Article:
Book review: ‘Ten Days in Physics That Shook the World’ by Brian Clegg
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How scientists have transformed everyday life thanks to the far-reaching consequences of their discoveries.
To begin with, I’d like to take issue with the title of this book, nicely written and highly illuminating as it is. Brian Clegg’s pun on John Reed’s iconic chronicle of the 1917 Russian revolution, ‘Ten Days That Shook the World’, is misleading in that the title of Reed’s courageous and eye-opening reportage was tongue-in-cheek. His diary-style account of the revolution, with all its chaos, poverty, violence and corruption has a negative connotation. In Reed’s view, those ten days changed the world not for the better, but for the worse.
If they shook the world, it was to a point at which it nearly collapsed – the direct opposite of what Clegg ascribes to what he considers the ten most important discoveries in the world of physics, all of which have contributed hugely to improving our lives.
Title aside, ‘Ten Days in Physics That Shook the World’ (Icon, £12.99, ISBN 9781785787478), with no formulae and/or equations of any kind and just a handful of photos and illustrations, constitutes an engaging read not just for engineers and scientists, but for a broad ‘general’ audience. “Physics is central to our understanding of how the world works. But more than that, key breakthroughs in physics – and physics-based engineering – have transformed the world we live in,” Clegg notes in his introduction.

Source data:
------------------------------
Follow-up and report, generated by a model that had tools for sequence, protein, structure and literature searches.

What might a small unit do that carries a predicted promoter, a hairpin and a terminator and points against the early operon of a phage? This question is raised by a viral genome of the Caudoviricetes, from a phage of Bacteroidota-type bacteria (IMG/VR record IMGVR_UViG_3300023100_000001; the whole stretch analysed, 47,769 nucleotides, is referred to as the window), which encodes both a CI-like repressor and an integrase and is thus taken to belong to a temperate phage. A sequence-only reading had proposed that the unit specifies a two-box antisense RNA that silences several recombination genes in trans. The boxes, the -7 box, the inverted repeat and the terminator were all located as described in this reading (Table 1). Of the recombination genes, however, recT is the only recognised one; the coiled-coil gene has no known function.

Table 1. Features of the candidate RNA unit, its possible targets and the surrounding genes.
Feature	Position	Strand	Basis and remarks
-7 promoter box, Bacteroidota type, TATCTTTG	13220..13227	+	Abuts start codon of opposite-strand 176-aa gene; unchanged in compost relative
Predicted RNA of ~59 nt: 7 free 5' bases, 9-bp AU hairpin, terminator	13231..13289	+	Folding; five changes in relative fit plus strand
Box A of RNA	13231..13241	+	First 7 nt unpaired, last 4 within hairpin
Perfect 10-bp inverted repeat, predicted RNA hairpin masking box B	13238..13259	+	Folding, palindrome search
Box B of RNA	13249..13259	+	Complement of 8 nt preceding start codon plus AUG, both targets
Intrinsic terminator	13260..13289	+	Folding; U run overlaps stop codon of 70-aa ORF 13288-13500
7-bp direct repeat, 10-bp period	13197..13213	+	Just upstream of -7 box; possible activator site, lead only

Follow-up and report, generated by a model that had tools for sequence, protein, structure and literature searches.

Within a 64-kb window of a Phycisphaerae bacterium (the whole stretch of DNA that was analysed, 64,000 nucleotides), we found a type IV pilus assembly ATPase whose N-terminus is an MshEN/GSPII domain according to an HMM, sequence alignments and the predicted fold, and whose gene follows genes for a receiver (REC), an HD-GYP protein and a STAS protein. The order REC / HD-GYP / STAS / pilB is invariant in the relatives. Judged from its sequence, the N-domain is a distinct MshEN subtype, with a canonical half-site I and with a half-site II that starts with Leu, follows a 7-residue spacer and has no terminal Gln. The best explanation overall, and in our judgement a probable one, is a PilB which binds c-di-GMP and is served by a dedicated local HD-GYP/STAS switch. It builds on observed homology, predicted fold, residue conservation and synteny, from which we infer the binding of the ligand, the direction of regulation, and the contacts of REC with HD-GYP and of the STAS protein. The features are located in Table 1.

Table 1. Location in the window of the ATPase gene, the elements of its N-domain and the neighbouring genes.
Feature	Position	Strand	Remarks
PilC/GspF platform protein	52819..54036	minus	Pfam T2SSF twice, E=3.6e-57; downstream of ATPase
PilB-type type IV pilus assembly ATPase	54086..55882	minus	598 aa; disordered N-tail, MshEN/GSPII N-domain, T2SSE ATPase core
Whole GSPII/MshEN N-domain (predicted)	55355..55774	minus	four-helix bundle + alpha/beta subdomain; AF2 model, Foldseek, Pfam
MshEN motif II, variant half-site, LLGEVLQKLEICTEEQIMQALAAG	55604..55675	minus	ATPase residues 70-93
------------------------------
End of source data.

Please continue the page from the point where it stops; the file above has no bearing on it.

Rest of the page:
Those breakthroughs range from the publication of Isaac Newton’s ‘Principia’ on 5 July 1687 and Michael Faraday’s ‘Experimental Researches in Electricity’ on 24 November 1831 to the initiation of the first link of what was to become the internet by Steve Crocker and Vint Cerf on 1 October 1969.
Each chapter closes with a ‘Life Changers’ section, in which Clegg sums up the far-reaching practical applications of the breakthrough in question: satnavs and space travel as long-term results of Newton’s pioneering research into gravity; fridges and air conditioning evolved from Rudolf Clausius’ findings in thermodynamics; and modern radiotherapy stemming from Marie Curie’s discovery of polonium. The latter, incidentally, is a good example of how a great scientific discovery can turn destructive and even murderous in the wrong hands. I am talking about the poisoning of the Russian dissident Alexandr Litvinenko in 2006, reportedly masterminded by Russia’s secret services.
To me, one of the book’s best features is the section, present in each chapter, that portrays the inventor as a person, adding a human face to their discovery. For instance, Clegg rightly and knowledgeably characterises Newton not merely as the traditional ‘national treasure’, but as a “physicist, mathematician, alchemist, heretical religious scholar, MP and bureaucrat”.
Clegg’s choice of the ten greatest breakthroughs is of course personal and far from conclusive. Every reader will be able to come up with their own list and I’m no exception. My own choice would have been influenced by my late father – a doctor of physics who worked for most of his life at the world-famous Ukrainian Physico-Technical Institute in Kharkiv. I remember him telling me of a couple of world-changing discoveries in physics made at the Institute during one and the same year – 1932 - when the nucleus of lithium atom was caused to undergo fission by a group of Kharkiv-based scientists led by AK Val'ter, and the proton-neutron model of the atomic nucleus was proposed for the first time by Dmitri Ivanenko and Evgeny Gapon.
If Clegg, or another writer, one day decides to write a sequel, they might want to put the above-mentioned physicists on their list too. And, hopefully, choose a more appropriate title.
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